Romans 10:4 For Christ is the end (telos) of the law for righteousness to every one that believeth.
Hebrews 12:2 Looking unto Jesus, the author and finisher (teleiotes) of our faith.
Revelation 1:8 I am Alpha and Omega, the beginning and the ending (telos), saith the Lord, which is, and which was, and which is to come, the Almighty.
Revelation 21:6 And he said unto me, It is done. I am Alpha and Omega, the beginning and the end (telos). I will give unto him that is athirst of the fountain of the water of life freely.
Revelation 22:13 I am Alpha and Omega, the beginning and the end (telos), the first and the last (eschatos.
Jesus is the Eschaton
Mark 12:6 Having yet therefore one son, his wellbeloved, he sent him also last (eschatos) unto them, saying, They will reverence my son.
John 11:24 Martha saith unto him, I know that he shall rise again in the resurrection at the last (eschatos) day. 25 Jesus said unto her, I am the resurrection, and the life: he that believeth in me, though he were dead, yet shall he live:
1 Corinthians 15:45 And so it is written, The first man Adam was made a living soul; the last (eschatos) Adam was made a quickening spirit.
Revelation 1:11 Saying, I am Alpha and Omega, the first and the last (eschatos): and, What thou seest, write in a book..
Revelation 1:17 And when I saw him, I fell at his feet as dead. And he laid his right hand upon me, saying unto me, Fear not; I am the first and the last (eschatos)
Revelation 2:8 And unto the angel of the church in Smyrna write; These things saith the first and the last (eschatos), which was dead, and is alive;
Revelation 22:13 I am Alpha and Omega, the beginning and the end (telos), the first and the last (eschatos).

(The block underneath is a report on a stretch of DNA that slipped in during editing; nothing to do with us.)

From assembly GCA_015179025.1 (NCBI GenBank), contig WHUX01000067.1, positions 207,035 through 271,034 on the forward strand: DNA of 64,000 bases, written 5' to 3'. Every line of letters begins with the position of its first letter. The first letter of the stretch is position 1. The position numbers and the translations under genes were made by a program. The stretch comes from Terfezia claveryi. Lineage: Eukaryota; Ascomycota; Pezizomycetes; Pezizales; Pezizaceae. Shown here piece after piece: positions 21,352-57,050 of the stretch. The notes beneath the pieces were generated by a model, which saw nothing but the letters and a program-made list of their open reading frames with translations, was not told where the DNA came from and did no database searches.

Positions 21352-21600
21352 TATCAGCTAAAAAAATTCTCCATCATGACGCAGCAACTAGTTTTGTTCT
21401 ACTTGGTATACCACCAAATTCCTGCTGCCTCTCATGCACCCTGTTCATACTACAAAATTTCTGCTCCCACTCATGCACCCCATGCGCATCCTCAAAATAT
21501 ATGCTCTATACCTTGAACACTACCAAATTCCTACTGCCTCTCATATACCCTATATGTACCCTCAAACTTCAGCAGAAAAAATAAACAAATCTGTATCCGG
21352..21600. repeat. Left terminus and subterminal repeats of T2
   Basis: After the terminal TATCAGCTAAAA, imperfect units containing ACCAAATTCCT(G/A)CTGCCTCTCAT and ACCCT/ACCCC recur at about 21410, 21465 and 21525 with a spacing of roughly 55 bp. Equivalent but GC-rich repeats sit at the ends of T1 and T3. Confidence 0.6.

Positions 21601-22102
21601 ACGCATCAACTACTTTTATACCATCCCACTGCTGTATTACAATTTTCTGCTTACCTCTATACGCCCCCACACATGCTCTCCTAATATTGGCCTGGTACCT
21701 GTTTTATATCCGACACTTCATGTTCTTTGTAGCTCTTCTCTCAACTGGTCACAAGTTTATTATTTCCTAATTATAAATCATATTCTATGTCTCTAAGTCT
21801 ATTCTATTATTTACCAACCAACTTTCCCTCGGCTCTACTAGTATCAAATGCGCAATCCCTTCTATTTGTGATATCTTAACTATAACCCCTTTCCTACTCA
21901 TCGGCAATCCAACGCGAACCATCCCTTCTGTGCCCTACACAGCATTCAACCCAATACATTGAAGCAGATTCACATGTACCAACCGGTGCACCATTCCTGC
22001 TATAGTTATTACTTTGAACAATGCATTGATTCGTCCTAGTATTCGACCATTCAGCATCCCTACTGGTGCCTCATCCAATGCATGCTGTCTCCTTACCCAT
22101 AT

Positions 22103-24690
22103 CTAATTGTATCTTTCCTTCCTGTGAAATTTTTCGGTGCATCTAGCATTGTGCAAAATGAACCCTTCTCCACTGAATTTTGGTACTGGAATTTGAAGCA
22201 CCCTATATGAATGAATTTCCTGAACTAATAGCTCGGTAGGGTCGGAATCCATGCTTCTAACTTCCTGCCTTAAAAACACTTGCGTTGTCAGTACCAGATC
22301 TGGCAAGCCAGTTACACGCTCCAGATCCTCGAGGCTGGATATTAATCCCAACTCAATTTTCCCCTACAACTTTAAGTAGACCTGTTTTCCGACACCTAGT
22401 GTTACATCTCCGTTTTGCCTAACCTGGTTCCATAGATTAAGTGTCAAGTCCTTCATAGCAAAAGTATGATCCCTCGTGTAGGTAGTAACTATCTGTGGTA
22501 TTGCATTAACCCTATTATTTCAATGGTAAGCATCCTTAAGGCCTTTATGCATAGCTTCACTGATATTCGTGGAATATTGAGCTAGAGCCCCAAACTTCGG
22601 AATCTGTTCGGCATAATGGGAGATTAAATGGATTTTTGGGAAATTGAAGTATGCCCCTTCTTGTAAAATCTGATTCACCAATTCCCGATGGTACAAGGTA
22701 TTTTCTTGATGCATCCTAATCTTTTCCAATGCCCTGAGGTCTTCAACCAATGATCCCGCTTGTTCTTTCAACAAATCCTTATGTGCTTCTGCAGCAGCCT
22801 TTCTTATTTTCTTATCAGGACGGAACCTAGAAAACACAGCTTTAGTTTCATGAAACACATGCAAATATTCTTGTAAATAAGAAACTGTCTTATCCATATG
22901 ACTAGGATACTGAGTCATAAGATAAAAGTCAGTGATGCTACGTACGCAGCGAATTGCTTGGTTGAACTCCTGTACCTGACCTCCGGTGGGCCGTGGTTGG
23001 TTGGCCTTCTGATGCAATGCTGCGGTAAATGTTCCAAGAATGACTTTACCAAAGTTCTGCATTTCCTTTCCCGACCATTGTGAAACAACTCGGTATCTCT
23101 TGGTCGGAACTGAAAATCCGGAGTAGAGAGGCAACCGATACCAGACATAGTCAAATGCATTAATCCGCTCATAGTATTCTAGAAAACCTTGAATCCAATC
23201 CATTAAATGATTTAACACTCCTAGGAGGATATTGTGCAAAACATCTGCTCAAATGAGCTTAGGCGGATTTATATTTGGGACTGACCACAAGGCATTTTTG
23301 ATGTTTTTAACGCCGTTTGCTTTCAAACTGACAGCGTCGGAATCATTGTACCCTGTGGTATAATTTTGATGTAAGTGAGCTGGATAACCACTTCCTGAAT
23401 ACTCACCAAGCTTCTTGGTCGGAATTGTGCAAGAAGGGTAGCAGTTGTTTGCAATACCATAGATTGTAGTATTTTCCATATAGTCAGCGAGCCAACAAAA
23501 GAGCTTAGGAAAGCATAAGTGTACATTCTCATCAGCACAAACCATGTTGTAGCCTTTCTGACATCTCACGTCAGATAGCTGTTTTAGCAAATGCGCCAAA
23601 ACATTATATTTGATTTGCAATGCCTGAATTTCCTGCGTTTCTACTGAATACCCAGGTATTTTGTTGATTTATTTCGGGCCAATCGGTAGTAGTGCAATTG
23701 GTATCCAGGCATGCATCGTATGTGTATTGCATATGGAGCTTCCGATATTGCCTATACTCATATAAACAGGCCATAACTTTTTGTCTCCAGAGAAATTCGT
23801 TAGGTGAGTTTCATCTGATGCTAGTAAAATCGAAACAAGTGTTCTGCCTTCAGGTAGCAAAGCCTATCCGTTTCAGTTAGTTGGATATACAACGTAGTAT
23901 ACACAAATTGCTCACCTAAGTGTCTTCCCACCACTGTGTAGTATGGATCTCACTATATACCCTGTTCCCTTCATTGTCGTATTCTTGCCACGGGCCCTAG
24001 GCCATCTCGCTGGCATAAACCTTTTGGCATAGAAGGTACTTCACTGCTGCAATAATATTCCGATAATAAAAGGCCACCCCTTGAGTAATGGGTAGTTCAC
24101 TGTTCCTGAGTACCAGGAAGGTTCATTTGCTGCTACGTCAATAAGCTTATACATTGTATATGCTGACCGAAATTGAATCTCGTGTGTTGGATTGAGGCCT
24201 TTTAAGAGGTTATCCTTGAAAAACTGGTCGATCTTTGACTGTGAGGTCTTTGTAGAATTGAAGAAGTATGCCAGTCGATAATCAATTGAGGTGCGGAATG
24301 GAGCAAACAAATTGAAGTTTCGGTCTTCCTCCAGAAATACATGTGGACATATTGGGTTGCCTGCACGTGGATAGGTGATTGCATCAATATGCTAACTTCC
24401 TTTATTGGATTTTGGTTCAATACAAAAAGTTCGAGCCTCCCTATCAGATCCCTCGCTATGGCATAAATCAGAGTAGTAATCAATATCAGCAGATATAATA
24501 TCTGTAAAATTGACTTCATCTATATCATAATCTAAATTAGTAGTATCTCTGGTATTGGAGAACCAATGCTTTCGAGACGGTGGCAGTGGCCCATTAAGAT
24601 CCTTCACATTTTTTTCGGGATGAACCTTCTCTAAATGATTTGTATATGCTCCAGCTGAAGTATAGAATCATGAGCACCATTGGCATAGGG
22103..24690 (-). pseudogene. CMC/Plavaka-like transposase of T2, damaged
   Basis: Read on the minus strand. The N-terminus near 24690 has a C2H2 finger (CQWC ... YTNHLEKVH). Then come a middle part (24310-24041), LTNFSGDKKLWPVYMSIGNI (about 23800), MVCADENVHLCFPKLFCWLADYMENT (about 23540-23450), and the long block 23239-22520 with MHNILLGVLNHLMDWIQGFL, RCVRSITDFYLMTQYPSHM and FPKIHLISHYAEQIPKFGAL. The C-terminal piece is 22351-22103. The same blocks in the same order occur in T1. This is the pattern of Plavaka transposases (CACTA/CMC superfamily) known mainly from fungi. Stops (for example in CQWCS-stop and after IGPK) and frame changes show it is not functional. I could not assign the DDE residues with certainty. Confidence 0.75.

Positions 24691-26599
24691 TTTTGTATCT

** That is Jesus declaring Himself to be the Telos and the Eschaton seven times in the climactic book of the Bible!
Below will be a growing collection of passages which indirectly teach the same thing, but using different language:
Jesus is the Fulfillment of All Prophecy
2 Corinthians 1:19 For the Son of God, Jesus Christ, who was preached among you by us, even by me and Silvanus and Timotheus, was not yea and nay, but in him was yea. 20 For all the promises of God in him are yea, and in him Amen, unto the glory of God by us. (Weymouth: For all the promises of God, whatever their number, have their confirmation in Him)
2 Corinthians 5:17 Therefore if any man be in Christ, he is a new creation: old things are passed away; behold, all things are become new.
From this point on, the posts will attempt to re-examine the Hyper Preterist “time texts” in light of the fact that the cross of Christ is the focal point for consummation, and not AD70. This is not to say that AD70 is meaningless. The relationship of AD70 to AD30 is akin to Peter’s explanation about baptism:
I Peter 3:21 “The like figure whereunto even baptism doth also now save us (not the putting away of the filth of the flesh, but the answer of a good conscience toward God) by the resurrection of Jesus Christ”